The journey to Nashipai (the Maasai word for “ever happy”), a bold, socially conscious jewelry line, began on a trip to Kenya when founder Jenny Behrens ’23 MBA formed a strong bond with a group of women entrepreneurs. She was living in a rural village on the border of Tanzania while helping to build a new health clinic. After just a few days, Behrens realized just how special the women in the Maasai community were.
It was in Kenya where she learned about the challenges hindering women’s entrepreneurship in rural areas. The Maasai are natural entrepreneurs and want to sell their jewelry, but there's no access to a market from their village. The lack of road infrastructure and outside tourism isn’t feasible or realistic for them to sell their goods. Nairobi, the largest city in Kenya, is at least four and a half hours away.
At the farewell party, the Maasai women asked Behrens if she would support them in selling their jewelry abroad. Without hesitation, she said yes, and the seed for Nashipai was planted.
Support from the Schulze School of Entrepreneurship
When she returned to Minnesota, Behrens entered her business idea in the Fowler Business Concept Challenge, an annual competition in which students can win up to $15,000 to develop solutions to social challenges. While she didn’t advance to the finals with Nashipai, her journey was far from over.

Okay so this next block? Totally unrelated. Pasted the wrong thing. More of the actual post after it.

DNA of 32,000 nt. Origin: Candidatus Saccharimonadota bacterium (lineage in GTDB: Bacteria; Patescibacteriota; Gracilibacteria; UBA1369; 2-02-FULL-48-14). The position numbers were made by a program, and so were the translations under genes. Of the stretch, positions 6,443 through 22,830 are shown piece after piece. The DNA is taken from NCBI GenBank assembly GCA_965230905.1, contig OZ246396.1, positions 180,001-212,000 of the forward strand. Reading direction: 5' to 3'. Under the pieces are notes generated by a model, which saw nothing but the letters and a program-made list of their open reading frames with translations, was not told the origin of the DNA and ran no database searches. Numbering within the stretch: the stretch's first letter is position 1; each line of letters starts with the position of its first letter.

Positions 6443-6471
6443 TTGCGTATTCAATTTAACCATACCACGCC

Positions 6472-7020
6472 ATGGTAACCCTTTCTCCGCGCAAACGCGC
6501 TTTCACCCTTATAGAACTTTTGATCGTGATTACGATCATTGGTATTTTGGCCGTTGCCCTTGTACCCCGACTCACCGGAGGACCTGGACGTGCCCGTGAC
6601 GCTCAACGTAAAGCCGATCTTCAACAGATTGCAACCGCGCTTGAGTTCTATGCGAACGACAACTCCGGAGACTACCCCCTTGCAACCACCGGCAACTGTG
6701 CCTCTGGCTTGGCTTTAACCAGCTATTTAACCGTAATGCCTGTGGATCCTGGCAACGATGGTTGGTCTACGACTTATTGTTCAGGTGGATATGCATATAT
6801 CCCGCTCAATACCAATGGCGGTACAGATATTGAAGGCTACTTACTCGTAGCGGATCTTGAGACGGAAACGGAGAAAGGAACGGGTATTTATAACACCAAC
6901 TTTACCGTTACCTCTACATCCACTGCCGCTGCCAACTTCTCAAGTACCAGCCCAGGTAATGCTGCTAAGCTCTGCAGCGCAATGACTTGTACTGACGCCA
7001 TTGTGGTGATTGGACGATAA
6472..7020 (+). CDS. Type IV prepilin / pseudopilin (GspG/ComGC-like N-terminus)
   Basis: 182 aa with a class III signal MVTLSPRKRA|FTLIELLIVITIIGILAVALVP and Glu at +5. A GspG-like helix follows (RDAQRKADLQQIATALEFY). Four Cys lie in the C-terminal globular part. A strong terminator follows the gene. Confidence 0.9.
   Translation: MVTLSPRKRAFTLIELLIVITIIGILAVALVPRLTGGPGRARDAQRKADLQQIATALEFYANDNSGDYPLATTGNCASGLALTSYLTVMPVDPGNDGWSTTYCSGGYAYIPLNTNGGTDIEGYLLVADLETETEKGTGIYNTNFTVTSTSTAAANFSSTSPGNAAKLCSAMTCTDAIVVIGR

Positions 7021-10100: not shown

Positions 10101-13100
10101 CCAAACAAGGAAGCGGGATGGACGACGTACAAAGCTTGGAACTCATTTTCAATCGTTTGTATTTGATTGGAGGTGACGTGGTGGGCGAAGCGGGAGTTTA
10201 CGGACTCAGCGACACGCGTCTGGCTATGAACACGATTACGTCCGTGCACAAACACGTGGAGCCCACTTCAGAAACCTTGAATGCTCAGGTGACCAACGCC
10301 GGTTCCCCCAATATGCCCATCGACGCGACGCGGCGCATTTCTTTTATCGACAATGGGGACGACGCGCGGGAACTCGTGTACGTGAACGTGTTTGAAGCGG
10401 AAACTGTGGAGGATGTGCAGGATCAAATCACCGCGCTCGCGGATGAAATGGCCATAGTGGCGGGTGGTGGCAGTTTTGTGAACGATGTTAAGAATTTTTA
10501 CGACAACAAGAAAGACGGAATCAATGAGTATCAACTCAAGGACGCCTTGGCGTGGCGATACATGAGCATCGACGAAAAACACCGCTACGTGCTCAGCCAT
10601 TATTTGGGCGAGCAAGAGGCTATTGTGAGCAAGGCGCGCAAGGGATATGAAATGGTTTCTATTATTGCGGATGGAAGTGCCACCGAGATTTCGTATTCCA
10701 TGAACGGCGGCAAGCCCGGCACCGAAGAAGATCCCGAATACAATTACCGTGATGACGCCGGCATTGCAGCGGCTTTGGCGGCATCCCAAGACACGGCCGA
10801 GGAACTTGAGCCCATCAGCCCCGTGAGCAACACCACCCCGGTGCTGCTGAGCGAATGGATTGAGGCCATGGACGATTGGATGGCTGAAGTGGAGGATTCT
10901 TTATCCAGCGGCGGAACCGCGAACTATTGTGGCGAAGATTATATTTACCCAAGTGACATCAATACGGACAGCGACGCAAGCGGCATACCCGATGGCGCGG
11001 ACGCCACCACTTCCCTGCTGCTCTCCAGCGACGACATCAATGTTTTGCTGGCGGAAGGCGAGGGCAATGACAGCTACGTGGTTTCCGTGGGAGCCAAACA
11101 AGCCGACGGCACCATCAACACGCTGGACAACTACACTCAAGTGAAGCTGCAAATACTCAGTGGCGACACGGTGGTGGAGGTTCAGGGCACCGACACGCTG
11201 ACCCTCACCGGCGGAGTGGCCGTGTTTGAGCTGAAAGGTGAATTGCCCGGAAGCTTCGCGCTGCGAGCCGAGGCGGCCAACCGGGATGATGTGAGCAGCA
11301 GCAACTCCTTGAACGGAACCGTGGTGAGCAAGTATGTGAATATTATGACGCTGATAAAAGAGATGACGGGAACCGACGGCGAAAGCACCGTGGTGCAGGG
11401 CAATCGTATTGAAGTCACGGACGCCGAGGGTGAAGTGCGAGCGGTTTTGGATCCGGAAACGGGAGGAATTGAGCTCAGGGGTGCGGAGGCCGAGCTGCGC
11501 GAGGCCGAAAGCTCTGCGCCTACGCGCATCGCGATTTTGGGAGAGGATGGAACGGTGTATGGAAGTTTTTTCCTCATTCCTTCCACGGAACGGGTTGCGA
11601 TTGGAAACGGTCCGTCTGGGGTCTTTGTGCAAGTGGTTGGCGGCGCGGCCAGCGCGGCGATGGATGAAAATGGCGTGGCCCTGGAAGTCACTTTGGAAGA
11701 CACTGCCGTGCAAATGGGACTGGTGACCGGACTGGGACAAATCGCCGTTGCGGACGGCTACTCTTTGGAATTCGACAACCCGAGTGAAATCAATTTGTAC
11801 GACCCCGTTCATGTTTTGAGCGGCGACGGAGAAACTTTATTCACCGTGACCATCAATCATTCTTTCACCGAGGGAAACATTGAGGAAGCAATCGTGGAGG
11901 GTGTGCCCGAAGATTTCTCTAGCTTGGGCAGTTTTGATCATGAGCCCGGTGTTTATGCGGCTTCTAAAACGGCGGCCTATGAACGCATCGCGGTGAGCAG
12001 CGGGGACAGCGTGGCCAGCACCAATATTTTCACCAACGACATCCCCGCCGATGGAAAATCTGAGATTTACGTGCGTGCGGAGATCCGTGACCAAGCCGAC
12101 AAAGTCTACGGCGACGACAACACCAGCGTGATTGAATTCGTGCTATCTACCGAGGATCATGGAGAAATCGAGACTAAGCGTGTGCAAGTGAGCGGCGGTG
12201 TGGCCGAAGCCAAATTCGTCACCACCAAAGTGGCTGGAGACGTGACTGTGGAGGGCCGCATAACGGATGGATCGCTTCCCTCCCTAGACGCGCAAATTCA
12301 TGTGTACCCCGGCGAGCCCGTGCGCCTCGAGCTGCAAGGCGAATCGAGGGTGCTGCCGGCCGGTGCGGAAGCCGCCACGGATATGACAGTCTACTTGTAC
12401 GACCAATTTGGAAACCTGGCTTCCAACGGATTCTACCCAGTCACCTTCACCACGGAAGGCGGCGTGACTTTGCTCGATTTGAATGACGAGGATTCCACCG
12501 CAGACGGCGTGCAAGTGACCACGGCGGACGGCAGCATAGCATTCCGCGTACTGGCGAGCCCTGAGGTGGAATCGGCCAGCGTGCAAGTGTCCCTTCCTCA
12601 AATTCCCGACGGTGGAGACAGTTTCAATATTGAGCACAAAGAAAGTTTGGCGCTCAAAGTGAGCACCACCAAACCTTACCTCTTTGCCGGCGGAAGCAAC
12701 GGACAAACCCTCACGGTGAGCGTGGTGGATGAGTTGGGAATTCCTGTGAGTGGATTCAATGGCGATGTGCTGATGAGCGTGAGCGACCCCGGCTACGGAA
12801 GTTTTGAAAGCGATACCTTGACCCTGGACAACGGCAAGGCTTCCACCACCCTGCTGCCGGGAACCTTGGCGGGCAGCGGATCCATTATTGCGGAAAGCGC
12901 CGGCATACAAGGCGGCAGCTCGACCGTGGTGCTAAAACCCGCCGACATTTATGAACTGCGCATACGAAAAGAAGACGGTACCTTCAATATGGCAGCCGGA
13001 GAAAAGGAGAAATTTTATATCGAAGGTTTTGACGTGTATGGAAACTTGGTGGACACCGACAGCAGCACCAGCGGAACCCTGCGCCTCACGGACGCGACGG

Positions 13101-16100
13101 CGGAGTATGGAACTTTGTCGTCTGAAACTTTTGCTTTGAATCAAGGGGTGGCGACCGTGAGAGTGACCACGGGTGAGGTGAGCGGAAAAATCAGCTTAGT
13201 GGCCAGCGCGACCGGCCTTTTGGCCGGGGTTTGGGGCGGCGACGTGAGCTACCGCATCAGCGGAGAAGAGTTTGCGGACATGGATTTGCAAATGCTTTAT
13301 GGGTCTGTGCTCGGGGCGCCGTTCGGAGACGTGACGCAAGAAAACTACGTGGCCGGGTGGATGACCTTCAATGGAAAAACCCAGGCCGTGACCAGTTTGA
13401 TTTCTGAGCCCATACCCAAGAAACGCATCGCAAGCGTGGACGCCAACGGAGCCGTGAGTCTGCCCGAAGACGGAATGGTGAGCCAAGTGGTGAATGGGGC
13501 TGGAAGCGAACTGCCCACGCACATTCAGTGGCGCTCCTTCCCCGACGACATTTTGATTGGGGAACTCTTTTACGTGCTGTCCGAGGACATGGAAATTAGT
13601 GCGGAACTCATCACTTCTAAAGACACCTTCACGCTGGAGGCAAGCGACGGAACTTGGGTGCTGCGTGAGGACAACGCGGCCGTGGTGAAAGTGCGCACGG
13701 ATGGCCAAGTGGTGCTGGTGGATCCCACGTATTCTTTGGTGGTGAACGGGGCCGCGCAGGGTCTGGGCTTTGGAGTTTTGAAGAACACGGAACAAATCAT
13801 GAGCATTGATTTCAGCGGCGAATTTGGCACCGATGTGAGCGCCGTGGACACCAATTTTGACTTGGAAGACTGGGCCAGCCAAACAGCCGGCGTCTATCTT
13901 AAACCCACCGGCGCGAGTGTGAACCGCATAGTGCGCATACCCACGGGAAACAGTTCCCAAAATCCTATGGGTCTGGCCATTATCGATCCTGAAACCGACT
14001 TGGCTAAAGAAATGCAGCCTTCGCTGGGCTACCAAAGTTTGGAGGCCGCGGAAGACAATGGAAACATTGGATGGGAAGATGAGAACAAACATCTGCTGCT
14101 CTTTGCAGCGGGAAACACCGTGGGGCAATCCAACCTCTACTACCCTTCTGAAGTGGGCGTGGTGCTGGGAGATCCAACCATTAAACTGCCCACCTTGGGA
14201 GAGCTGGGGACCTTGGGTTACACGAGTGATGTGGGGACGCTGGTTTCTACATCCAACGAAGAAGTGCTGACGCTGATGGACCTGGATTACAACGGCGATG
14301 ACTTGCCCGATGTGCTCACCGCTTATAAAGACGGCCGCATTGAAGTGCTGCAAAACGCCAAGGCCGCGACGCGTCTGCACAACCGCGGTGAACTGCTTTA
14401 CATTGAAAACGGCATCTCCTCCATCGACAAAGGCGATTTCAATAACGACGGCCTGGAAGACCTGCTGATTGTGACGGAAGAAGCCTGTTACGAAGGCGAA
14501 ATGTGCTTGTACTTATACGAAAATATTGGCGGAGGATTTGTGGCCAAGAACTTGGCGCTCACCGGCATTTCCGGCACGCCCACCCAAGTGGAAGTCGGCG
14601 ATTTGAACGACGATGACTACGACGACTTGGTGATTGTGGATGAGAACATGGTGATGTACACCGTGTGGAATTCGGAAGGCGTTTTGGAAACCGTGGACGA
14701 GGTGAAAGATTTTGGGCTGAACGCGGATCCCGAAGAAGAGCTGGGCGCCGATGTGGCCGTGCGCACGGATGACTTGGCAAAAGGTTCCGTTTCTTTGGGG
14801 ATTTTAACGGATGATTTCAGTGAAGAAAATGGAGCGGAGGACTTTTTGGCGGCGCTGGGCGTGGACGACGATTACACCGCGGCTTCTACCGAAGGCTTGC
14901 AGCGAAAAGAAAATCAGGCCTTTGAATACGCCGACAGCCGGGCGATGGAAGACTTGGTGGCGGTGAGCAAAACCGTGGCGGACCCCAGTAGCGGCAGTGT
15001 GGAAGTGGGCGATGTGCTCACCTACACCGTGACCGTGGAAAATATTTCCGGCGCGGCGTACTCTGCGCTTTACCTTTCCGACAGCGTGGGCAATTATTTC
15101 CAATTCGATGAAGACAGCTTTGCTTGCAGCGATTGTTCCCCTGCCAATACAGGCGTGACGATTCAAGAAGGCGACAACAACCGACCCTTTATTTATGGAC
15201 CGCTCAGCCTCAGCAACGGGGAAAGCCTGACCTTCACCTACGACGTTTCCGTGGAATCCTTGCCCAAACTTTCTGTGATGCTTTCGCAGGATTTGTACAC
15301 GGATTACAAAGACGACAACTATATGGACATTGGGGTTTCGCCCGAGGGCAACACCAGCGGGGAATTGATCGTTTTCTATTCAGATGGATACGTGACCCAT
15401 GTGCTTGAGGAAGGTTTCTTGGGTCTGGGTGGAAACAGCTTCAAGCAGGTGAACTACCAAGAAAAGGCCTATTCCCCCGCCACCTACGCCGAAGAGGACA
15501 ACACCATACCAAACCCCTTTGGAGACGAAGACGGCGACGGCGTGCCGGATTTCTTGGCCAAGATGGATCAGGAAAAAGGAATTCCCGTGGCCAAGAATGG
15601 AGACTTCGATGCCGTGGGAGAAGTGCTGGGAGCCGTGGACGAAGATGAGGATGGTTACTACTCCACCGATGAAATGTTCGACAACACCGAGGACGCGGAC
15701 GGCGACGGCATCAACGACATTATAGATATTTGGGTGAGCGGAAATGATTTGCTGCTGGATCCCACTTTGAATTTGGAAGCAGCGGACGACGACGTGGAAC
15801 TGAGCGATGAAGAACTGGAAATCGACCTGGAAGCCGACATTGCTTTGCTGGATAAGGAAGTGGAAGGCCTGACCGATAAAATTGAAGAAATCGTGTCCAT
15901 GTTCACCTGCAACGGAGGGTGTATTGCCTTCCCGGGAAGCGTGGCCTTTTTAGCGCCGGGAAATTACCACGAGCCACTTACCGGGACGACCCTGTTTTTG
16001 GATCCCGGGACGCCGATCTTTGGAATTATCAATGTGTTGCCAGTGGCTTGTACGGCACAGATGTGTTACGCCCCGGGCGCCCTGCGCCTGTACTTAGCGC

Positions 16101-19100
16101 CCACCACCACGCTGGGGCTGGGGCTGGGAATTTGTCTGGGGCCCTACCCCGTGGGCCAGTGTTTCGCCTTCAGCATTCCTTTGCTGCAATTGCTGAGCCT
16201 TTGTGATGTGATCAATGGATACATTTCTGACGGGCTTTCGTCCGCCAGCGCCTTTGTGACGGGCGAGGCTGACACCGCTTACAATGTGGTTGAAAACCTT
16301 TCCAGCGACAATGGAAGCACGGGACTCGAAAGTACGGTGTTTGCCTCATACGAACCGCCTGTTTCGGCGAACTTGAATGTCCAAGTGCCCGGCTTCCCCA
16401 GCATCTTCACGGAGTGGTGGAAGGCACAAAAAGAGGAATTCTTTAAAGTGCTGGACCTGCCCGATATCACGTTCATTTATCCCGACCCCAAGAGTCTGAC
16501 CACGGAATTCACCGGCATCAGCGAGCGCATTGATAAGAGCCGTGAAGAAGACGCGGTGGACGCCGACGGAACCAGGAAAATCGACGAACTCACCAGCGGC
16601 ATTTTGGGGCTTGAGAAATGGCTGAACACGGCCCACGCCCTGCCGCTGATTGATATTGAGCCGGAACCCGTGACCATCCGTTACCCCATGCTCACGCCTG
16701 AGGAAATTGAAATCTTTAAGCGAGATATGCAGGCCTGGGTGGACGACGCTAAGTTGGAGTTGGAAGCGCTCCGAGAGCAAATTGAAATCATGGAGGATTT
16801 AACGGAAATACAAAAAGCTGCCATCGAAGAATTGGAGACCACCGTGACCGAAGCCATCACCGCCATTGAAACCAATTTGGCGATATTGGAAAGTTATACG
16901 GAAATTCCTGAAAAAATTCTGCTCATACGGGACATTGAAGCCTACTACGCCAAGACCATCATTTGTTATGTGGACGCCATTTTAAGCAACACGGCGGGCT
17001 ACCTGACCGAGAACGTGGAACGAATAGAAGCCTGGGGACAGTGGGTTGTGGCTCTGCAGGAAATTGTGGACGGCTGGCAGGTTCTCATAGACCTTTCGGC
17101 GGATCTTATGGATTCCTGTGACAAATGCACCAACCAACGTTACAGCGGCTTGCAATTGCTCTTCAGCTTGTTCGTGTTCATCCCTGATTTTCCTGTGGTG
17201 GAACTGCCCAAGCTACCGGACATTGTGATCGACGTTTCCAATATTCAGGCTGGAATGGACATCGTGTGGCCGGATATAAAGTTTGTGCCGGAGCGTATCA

“I told myself I’m going to keep going because I made it this far,” Behrens said about what she learned from this experience. “And I’m going to keep using the resources that St. Thomas provides to grow this idea.”
She refined her business strategy with the support of gALPHA at St. Thomas, a free four-week venture creation sprint to help create high-growth start-ups. Behrens went on to place third in the St. Thomas Business Plan Competition for Nashipai, taking home $2,500.
“It was a great experience because I worked with a lot of different people on improving my business plan,” Behrens said. “The money was really essential for me to continue moving forward with Nashipai.”
Finding purpose in social impact
That entrepreneurial support and guidance have helped Nashipai grow into a viable business that not only provides socially conscious jewelry but gives back to the artisans through fair wages. For each piece of jewelry that the women make, they earn three to four times the base hourly wage.
“Nashipai is a partnership with the women,” Behrens said. “They’re their own entrepreneurs, and we work together to make our mission of supporting women possible.”
Since its launch in 2020, Nashipai continues to use its business for good. The company’s partnerships have expanded to include working artisans in Nairobi and India and a portion of profits are used to donate reusable menstrual kits made by local sewists in Kenya.
“You take the leap of faith to put an idea out there and hope that customers believe in your ideas as well,” Behrens said about creating social impact. “It’s an exciting thing to be an entrepreneur and keep thinking of new ideas and to continue to find solutions.”